FTC Seeks Changes to Protect Consumer Health Information
The Federal Trade Commission (“FTC”) is urging Congress to ensure the data brokerage industry becomes more transparent and accountable, which could change the way consumers’ personal, health-related information is gathered and shared. These recommendations may change the landscape of the HIPAA regulations to better ensure protection of sensitive health information.
On May 27, 2014, the FTC released a report based upon its comprehensive study of nine data brokers, ranging in size and prominence in the community. Data brokers make millions of dollars each year collecting and disseminating massive amounts of personal, sensitive information they have obtained from consumers. This affects nearly every consumer in the United States, and the current laws in place do not effectively regulate data brokers or their access to consumer information, especially when it comes to individuals’ health-related information.
The FTC report references sensitive issues that could affect health law down the road. Even though Congress has previously placed stringent privacy protections on health-related data, there are some clear gaps in the laws, especially since data brokers are not covered entities under HIPAA. This has allowed data brokers to obtain private health-related information, concerning a variety of conditions and diseases, including AIDS, addiction, and mental health diagnoses. The information is then shared with the data brokers’ clients who could potentially use this information negatively against the consumer.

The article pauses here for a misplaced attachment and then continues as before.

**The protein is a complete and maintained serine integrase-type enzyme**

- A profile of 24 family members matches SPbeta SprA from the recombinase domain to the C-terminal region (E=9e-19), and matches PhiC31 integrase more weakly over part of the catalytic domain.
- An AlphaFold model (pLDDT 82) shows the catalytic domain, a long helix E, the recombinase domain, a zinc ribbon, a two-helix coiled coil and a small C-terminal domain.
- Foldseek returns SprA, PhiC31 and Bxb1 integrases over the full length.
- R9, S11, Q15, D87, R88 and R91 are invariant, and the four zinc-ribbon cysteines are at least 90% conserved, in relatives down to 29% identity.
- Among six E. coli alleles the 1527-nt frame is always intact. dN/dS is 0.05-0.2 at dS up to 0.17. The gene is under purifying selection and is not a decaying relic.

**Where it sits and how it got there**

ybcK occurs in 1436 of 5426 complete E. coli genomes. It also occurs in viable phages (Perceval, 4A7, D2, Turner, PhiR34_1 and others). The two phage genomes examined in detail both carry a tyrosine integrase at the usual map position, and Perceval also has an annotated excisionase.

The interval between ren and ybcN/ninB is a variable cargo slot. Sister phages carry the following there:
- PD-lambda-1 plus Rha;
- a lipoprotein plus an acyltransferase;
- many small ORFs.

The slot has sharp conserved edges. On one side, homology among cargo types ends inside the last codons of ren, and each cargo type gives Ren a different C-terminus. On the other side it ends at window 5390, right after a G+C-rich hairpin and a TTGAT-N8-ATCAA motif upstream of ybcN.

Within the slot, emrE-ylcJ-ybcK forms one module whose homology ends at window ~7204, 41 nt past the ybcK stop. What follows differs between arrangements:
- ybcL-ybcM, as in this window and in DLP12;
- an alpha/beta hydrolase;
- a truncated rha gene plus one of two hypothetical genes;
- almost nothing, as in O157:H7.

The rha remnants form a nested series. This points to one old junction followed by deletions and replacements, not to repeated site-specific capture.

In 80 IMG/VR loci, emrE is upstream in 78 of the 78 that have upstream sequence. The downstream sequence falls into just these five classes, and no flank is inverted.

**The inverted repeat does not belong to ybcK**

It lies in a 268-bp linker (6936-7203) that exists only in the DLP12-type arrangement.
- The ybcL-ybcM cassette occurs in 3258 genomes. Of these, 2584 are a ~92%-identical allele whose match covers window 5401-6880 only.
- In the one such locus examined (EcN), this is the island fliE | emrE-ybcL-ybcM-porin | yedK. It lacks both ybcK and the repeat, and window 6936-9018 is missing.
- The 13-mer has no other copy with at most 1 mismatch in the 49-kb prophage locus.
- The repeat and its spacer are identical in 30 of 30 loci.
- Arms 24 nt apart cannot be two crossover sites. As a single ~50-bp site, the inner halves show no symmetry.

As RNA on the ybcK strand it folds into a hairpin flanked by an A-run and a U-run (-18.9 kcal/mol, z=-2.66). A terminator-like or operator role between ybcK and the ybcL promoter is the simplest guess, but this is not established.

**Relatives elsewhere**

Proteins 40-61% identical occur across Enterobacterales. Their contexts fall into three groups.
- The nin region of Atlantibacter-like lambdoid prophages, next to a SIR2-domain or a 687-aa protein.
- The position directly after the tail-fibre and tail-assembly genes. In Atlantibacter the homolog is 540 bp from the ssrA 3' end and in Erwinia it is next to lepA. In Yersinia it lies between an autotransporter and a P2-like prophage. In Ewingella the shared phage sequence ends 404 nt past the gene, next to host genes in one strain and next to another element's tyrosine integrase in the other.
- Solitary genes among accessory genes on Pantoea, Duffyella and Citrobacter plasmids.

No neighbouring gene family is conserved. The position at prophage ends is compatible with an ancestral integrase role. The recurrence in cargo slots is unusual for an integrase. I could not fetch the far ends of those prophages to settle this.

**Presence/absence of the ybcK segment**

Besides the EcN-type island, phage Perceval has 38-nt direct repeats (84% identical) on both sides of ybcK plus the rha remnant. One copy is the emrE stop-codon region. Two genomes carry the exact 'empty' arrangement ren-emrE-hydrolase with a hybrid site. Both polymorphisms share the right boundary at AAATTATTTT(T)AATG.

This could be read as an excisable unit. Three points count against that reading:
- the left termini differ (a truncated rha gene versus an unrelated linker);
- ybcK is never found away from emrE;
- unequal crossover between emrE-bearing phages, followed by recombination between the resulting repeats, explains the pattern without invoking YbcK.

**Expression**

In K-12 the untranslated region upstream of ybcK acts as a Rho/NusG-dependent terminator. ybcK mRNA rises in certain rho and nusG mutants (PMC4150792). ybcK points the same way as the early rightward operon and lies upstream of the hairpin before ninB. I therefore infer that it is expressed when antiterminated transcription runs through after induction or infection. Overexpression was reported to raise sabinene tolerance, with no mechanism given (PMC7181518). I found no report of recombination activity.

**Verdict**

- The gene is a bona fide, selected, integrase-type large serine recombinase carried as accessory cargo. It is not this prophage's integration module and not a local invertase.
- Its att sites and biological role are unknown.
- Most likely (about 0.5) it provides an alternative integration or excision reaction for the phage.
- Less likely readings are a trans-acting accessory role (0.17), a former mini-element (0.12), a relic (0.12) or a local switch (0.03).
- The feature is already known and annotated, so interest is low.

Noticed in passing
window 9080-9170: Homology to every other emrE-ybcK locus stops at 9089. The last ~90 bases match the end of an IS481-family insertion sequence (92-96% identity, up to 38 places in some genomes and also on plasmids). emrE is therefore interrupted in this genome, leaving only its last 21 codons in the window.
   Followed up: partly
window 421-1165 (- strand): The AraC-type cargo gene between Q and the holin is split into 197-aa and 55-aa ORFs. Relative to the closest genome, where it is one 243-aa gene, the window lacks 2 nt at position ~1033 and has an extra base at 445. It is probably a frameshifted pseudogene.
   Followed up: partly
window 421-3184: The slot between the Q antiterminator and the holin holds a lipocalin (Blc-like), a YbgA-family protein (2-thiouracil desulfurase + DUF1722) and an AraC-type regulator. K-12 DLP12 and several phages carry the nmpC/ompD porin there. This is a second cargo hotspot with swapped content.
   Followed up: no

In examining the practices and procedures of nine sample data brokers, the FTC found that data brokers easily obtain large amounts of personal information from a wide variety of sources, including government agencies, social media sites, retailers, registration websites, and especially other data brokers, which is then all compiled and shared with or sold to other companies.
Most consumers are unaware that data brokers have obtained and sold their personal information. Even if a consumer had some knowledge, the intricate and multiple layers of information-sharing make it nearly impossible for the consumer to figure out how the information was obtained in the first place, correct any mistakes, or prevent the information from being shared. Additionally, these companies obtain raw data involving both sensitive and non-sensitive information, and then use this information to predict consumer behavior.
The FTC’s recommendations would give consumers better access to their personal data, and allow them to either correct any erroneous information obtained by data brokers or keep this information from being shared with others. The FTC urges data brokers to assess their own practices and incorporate the recommendations of the FTC on their own.
The FTC report may be viewed here.
Lindsay Zanello contributed this post. For more information about HIPAA and related issues, please contact Caitlin Monjeau.